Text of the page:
Richmond is a crazy city for restauranteurs – the culture is hugely geared towards eating out, so there are hundreds of restaurants competing for everyone’s business. It’s amazing to wander around and see just how many eateries can be packed into one small mall complex, or along Alexandra Road. You’ve got to be at the top of your game and/or have a loyal clientele to keep afloat, and there are many restaurants that don’t quite make it, and are replaced quickly and surely by others wishing to try their luck.
I learned this first-hand when I headed to Ginger Indian Cuisine, which is located at Beckman Place, just off Bridgeport Road. When I saw the restaurant’s listing on Urbanspoon I was perplexed; I thought I’d eaten all the Indian food I could in Richmond, and I’d cycled past Beckman Place a dozen times and never noticed it. I half-believed it didn’t actually exist, but my Uncle and I headed there anyways. He was in Richmond for a conference, and is always a willing dining partner.
Upon arrival, the mystery was solved – Ginger Indian Cuisine is brand new (I’d never noticed it because it opened less than a month ago), and it’s located in a restaurant space I’ve already been to and reviewed, the (now former) Villa Vietnamese Cuisine. Yes, I’ve now dined at two different restaurants in the exact same spot, a perfect example of just how tough the restaurant biz can be in Richmond.
While it was unfortunate to think of Villa Vietnamese’s demise (and they made pretty good food!), I was kind of thrilled to know my naan days weren’t over.
Ginger Indian Cuisine is owned by Bob Singh, a friendly, younger man who seems determined to make it in the restaurant world. He’s only a month in, but things seem to be going well. The space is clean and modern for dining in, and seemed incredibly popular for takeout – many people stopped in to pick up bags of food while we were there. The menu has tons of options for vegetarians as well as kids, and daily $9.99 lunch specials.
We ordered the Chaat Papadi ($5) as a starter, and it was phenomenal. I’ve never had anything quite like it – the menu described the chaat (‘snack’) as “crisp fried dough wafer mixed with chick peas, potato, onion, and tomato, topped with sweet yogurt tamarind chutney, and sev.”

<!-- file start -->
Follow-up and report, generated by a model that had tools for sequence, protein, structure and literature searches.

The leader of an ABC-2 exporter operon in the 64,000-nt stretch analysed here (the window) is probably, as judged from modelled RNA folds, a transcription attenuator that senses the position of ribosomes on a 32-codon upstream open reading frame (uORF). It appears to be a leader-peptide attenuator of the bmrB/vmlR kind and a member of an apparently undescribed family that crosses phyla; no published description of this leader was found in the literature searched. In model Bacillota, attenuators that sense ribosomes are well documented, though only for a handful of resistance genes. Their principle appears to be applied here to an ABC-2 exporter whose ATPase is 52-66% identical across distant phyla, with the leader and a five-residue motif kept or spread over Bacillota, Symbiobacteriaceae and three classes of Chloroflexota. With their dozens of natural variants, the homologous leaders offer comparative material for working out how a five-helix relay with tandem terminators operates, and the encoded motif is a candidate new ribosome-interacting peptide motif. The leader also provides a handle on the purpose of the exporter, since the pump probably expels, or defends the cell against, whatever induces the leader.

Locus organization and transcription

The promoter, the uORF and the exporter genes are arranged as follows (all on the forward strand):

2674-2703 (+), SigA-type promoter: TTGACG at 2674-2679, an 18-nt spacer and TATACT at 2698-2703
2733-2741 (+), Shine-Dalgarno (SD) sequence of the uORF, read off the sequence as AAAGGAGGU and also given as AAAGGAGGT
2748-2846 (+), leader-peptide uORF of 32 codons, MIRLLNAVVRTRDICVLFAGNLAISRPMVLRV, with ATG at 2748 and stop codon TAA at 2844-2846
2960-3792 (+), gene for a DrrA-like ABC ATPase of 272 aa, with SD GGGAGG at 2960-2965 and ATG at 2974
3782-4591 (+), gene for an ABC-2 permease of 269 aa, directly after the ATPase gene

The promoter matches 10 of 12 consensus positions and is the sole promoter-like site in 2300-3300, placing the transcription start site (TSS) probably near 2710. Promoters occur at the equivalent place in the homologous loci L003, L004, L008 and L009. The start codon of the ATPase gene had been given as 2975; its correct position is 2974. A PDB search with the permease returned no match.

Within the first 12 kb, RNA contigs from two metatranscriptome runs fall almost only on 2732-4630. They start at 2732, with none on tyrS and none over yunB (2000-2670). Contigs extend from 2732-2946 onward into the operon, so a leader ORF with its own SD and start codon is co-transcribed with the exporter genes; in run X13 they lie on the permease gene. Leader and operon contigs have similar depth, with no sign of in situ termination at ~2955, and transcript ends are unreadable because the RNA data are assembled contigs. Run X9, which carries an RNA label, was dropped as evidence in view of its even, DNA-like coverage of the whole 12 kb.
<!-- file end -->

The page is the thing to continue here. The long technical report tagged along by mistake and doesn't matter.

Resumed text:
The combination of these ingredients was unreal – the flavours were both sweet, spicy, and cooling, and the crunchy and soft textures worked together perfectly. I could have easily just eaten this chaat papadi and been completely satisfied with my meal. Plus, it’s vegetarian friendly!
Indian ‘sev‘ are the vermicelli-like crunchy noodles on top; they’re made from chickpea flour and are often used to top chaat dishes.
For mains, we ordered the Butter Makhani ($12.50, aka Butter Chicken) and Vegetable Korma ($11.50), each of which come with rice and naan. We upgraded our rice to the Pilau Rice with saffron, and also ordered an extra bread – the Sweet Naan ($2), because I could not resist the thought of mango and coconut inside flatbread.
You can ask for mild, medium, or hot when it comes to spice, and we went with mild for the butter chicken and medium for the korma. Next time, I’d go with medium for both. The butter chicken was excellent – creamy and rich-tasting, with unbelievably tender chicken.
The korma (mixed vegetables in a coconut curry sauce with ground nuts) was good, though the quality of the vegetables wasn’t quite as high as I would have liked. I think next time I’d give the housemade saag paneer a try.
Onto one of my favourite parts of any Indian meal – the flatbreads.
The regular naan was excellent, but the table fave was the sweet naan with its filling of mango and coconut (the menu also said raisins, but I didn’t see any in there). The sweetness of the filling complimented the savoury sauces wonderfully, and from now on I’ll want my naan breads to be sweet. LOVED IT.
We ate all this food with a lovely pilau rice, golden with saffron,
and a sweet, creamy yogurt lassi, golden with mango.
Both were excellent. Even though my beloved gulab jaman was on the dessert menu, I was simply too stuffed with bread, rice, and curry to think about consuming syrup soaked milk balls. But I bet they’re AWESOME.
Our meal was fantastic, and I would certainly go back to Ginger Indian Cuisine for another meal. Bob said he’s currently working on a website for the restaurant, and will continue to attract local clientele by serving tasty Indian food at very reasonable prices. It would certainly be nice to see this restaurant succeed, so go forth dear readers, and try it!
Cash and cards accepted